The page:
Now that we’re heading into the season of long-shadowed days, chilly cheeks, and splashes of red streaking through maple trees, you may think summer is over and autumn has arrived.  But never fear, you can recreate summer and still savor the San Juans with an online trip to our favorite artisan producers. On your mark, get set, shop!

San Juan Island Sea Salt is the baby of Brady Ryan, an islander who started his business in 2012 and now produces around 5000 lbs. of salt a year in 7 evaporation houses. From one or two products, their line has evolved into 30 unique offerings, in addition to honey, which always sells out quickly. We swoon over the Madrona Smoked Salt and the Popcorn Blend, but the salt masters still surprise us with new flavors…Dill Pickle or Scorpion Salt, anyone? And at the end of the day, there’s nothing better than a luscious Salted Honey Caramel!

jar of sea salt on rocks on San Juan Island

Photo thanks to San Juan Island Sea Salt

 

No visit to the San Juans is complete without a stop at Pelindaba Lavender, whether in the summertime at their organically certified farm or the rest of the year at their storefront in Friday Harbor. Founded in 1998 to preserve open space, Pelindaba is now a “premier grower of lavender plants, a distiller of essential oils, and a handcrafter of lavender-based products.” They have also expanded beyond the island to 8 other locations around the country. With products for the kitchen, personal care, your home, and yes, even your dog, Pelindaba wins our best-smelling online shopping award.

lavender fields on San Juan Island

 

San Juan Vineyards produces award-winning estate grown wines with grapes grown on San Juan Island, the coolest-climate growing region of Washington State, the Puget Sound AVA. The vineyard was recently purchased by the Corliss family, who own wineries and vineyards in Eastern Washington, so their already good wines are bound to get better. Take a break from Chardonnay and try their Siegerrebe and Madeleine Angevine wines; both pair exceptionally well with seafood from the island.

San Juan Vineyard on San Juan Island

Photo thanks to San Juan Vineyards

 

Inspired by French Champagne, dry Rhones, and Bordeaux Reds, the young owners of Madrone Cellars, Shaun and Amy Salamida, are bringing a taste of Europe to the wine scene of the San Juan Islands. Favoring the natural style, Shaun’s wines are made with minimal intervention and are unfiltered. Their goal is ultimately to have a bio-dynamic vineyard on San Juan Island, but for now they’re sourcing grapes from Eastern Washington. Madrone Cider was born in 2017 and uses the same process as French Champagne to produce a delightfully dry and refreshing “hard cider” with fruit from local farms.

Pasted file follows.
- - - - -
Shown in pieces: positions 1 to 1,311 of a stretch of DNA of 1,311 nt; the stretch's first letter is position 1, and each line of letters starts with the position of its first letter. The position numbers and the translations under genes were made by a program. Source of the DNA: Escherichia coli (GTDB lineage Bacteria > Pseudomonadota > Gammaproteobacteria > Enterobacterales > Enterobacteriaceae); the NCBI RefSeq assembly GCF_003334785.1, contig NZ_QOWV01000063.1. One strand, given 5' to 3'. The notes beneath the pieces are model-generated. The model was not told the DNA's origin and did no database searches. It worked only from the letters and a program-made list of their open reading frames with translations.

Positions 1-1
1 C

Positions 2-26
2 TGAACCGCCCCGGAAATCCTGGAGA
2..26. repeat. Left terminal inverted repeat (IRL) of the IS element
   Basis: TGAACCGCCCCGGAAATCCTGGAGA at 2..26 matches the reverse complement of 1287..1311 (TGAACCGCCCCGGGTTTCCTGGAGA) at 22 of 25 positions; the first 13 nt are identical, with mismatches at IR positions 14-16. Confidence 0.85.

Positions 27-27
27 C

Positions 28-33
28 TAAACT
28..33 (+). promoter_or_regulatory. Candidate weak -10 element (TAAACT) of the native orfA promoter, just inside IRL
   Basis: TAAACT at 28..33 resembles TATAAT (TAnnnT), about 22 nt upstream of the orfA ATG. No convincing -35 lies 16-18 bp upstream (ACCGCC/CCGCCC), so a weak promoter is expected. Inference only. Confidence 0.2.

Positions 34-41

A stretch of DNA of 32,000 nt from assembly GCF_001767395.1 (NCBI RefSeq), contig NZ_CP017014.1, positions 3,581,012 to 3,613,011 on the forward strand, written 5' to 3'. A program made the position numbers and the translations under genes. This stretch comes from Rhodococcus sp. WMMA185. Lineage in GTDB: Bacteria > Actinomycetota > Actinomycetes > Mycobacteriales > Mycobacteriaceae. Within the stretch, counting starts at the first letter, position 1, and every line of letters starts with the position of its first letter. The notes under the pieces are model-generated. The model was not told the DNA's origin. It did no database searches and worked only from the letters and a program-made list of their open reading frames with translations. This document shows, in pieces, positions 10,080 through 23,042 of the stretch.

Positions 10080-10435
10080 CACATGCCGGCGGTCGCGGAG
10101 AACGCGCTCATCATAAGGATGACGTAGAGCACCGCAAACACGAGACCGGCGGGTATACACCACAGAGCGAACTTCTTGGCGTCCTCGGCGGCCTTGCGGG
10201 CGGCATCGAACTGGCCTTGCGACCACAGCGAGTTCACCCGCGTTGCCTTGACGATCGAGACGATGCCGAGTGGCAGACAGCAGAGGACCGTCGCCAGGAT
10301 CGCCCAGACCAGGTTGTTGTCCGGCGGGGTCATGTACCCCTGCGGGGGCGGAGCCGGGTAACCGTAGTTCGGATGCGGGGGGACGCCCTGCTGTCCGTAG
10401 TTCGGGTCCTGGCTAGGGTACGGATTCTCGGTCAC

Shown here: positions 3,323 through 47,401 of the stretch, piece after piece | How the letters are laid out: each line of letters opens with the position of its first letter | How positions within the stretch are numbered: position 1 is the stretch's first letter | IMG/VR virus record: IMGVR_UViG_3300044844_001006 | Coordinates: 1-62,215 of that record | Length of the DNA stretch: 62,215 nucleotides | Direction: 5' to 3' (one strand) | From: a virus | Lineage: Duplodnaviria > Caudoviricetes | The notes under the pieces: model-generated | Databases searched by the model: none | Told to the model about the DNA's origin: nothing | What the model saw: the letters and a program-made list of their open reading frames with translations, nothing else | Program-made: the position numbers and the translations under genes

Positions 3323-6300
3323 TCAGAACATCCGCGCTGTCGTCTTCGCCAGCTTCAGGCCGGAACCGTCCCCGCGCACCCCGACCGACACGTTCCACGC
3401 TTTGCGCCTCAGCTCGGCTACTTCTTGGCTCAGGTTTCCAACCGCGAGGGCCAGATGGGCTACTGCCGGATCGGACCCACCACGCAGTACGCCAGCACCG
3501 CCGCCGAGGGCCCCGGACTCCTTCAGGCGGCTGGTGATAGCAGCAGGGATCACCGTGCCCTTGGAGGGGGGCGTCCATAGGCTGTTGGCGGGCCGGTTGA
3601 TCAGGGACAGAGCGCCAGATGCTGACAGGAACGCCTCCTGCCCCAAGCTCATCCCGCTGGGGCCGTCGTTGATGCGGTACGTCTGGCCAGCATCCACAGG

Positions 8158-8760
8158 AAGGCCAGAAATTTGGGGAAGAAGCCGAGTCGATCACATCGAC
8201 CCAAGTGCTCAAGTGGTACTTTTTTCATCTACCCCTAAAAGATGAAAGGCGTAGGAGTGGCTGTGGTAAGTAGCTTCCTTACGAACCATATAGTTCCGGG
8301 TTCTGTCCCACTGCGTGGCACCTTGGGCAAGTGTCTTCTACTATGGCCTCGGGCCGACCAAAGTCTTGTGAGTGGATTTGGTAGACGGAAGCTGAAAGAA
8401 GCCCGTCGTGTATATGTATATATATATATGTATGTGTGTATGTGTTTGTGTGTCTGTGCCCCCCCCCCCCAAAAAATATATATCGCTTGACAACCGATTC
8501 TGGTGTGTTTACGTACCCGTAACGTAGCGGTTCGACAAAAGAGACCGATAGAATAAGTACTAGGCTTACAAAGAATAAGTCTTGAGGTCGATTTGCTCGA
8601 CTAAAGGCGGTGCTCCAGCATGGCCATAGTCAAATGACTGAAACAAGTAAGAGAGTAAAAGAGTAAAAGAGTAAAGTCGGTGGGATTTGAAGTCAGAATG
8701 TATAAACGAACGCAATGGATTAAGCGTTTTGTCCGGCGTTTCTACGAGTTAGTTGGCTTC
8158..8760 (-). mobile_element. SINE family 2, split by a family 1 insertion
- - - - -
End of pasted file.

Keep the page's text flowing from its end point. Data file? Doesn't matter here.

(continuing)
winemaker holding bottles of wine and cider

Photo thanks to Madrone Cellars

 

A newcomer to island food artisans, Tea Salish Sea is owned by the Compton family who brought tea-growing to San Juan Island in 2017. They are the first island farm to produce tea commercially and were instrumental in the creation of the San Juan Tea appellation. Tours of the plantation will start sometime in 2020, but in the meantime, in addition to ordering online, you can pay a visit to their new Tea Salish Sea Picoshop in Friday Harbor on select Saturdays. Make a cup of Lavender Earl Grey or Island Basil Chai and transport yourself right back to the island!

cup of tea in fall from Tea Salish Sea

Photo thanks to Tea Salish Sea

 

High Seas Tuna, based in Anacortes (jumping-off point for the ferries to the islands), has been in the family fishing business since the early 1960s. They “troll catch” young sashimi-grade albacore tuna, which are blast-frozen at sea. After hand-filleting and hand packing the fish, the can is cooked only once, unlike commercial processors. No water or oil is added, and the outcome is simply delicious. In addition to being dolphin-safe, their tuna has five times the Omega-3 oil of other brands and less than half the sodium. Add this staple to your pantry this winter, and you won’t be disappointed!

Tuna boat Maverick on the high seas

Photo thanks to High Seas Tuna

 

Girl Meets Dirt is the tale of an island girl who, upon returning home after a career in Manhattan, makes good by producing heritage preserves sourced from historic orchards on Orcas Island. These award-winning jams, shrubs, and bitters rely on an old-school style that pairs single varietal fruit with organic cane sugar and organic lemon, cooked down in seasoned copper pans. From Cherry Fig Leaf jam to Pink Bartlett Cutting Preserves to Island Plum Shrub, the results are pure magic.

Girl Meets Dirt in orchard picking fruit

Photo thanks to Girl Meets Dirt

 

Last, and certainly not least, of our island purveyors is Island Thyme, based on Orcas Island since 1996. Their farm and gardens provide the basis for an outstanding line of botanically-based skin and body care products, all blended in their apothecary studio. Island Thyme’s soaps (Gardener’s Scrub and Spruce and Cedar are Lakedale favorites), creams, balms, and herbal oils have creative and healthy fragrance twists. They now produce hand sanitizers, and their lip balms regularly sell out in our Lakedale stores.

Calendula Comfrey Lotion from Island Thyme in San Juan Islands

Photo thanks to Island Thyme